Face masks and our Planet: a new challenge for the environment

Face masks and our Planet: a new challenge for the environment

The burden on nature has already increased. COVID-19 Pandemic leads to even more pollution of the world’s oceans. Used face masks pollute the environment and pose a serious health risk to wildlife, especially marine organisms. Most masks are made from durable plastic materials, and they can remain in the environment from a few decades up to hundreds of years. Even an uninfected mask is a source of microplastic, which subsequently enters the human body due to improper disposal. Weather conditions will begin to decompose it and plastic molecules will get into the environmental cycle. In this article, we will try to address the issue by showing one of the best already-existing practices, such as the French start-up Plaxtil. Moreover, we will try to understand possible solutions to increase pro-environmental behaviors based on academic papers on behavioral psychology. In conclusion, a suggestion to public authorities will be made to reinforce public actions and regulatory nudges to address the issue. 

Before the COVID-19 pandemic, masks were primarily used in hospitals and clinics. They were disposed of alongside several other medical wastes. One can only imagine the amount of face masks that are in use today, it is, therefore, necessary to give a look at medical mask sales data. According to the consulting firm Grand View Research, if the global market for disposable protective masks in 2019 was estimated at $800 million, this year it increased up to $166 billion considering that nowadays, a person must change the mask every 2-3 hours.

However, masks cannot be introduced in the standard plastic recycling process, since they are classified as medical waste and their hazard threat is higher. Otherwise, they inevitably harm the environment. It should be noted that even this kind of waste can be recycled and processed into raw materials for new products. Countries all over the world are currently attempting to research the best way to recycle masks. Nevertheless, from a logistical point of view, this is not easy because the virus can remain on the surface of plastic for several days.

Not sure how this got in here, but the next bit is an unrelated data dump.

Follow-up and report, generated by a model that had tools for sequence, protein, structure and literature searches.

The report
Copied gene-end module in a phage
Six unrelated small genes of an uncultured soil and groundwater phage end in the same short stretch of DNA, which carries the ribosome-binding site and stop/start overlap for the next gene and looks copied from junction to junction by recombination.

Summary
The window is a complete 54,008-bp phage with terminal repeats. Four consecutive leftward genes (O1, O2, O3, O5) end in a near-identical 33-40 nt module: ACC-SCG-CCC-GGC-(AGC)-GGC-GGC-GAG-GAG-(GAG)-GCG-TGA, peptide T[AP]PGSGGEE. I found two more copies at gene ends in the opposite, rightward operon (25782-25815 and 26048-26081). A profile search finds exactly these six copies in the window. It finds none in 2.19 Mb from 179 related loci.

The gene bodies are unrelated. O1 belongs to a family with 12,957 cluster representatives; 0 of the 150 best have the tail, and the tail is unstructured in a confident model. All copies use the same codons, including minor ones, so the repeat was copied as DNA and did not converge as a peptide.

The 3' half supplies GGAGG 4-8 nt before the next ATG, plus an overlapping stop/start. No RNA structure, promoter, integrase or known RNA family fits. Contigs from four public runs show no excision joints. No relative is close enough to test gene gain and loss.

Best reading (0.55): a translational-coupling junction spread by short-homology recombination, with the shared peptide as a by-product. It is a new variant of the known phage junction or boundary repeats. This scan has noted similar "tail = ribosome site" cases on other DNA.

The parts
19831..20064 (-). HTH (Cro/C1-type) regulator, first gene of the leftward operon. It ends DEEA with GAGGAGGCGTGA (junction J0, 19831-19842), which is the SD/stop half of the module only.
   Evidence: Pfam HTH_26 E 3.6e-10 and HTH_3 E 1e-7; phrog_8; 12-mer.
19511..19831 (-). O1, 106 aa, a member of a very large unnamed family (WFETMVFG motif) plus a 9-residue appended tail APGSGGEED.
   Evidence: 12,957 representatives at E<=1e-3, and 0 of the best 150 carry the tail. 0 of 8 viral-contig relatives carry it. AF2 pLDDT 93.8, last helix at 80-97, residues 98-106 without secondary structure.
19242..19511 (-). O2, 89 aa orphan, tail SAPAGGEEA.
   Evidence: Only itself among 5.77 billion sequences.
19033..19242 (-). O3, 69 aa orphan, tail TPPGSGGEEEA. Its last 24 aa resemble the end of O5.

In addition, each mask is made up of three different materials, two of which are metal and rubber. This fact also complicates the recycling process. New initiatives and firms are coming up with ideas and technologies that are able to disinfect personal protection masks and safely process them, like Plaxtil. On the field of innovation and sustainability, Plaxtil is a French start-up that created an initiative to recycle thousands of face masks.

The process is structured as follows: first, the masks are collected and stored to stop the ineffectiveness; after 4 days, they are crushed and disinfected using ultraviolet light; then, masks are mixed with a specific substance and then processed into new Plaxtil material, from which it is possible to make a variety of plastic goods, like protective plastic visors, visors holders or storage boxes.  At this stage, the company is focused on producing plastic visors to protect people against COVID-19. Since the end of June, the company has processed over 50,000 masks into 3,000 new products. 

However, an issue remains: people are not recycling their masks, and even worse, they are throwing them on the ground. This is a serious problem, given the amount of protective devices in our world. This is a consequence of the lack of information and infrastructure to recycle face masks, and maybe even the absence of legislation to enforce recycling. 

A single-use face mask made of layers of plastic on the floor

An area where we have seen an excess of improperly disposed face masks is that of public transportation. Face masks are littered throughout these locations. Public transportation is an area of high congestion where many feel the necessity to switch their current face mask to a brand new sanitized in order to feel protected. One solution to tackle the issue is to increase the amount of specialized trash bins for masks in all public places, in the hope that this would create greater ease of access. In fact, studies have shown reinforcement of positive emotion as a major factor in people’s incentive to recycle, and we believe public authorities should necessarily foster this positive emotion through incentives. Cumulated with the spread of effective mask bins, this will raise consumer’s participation.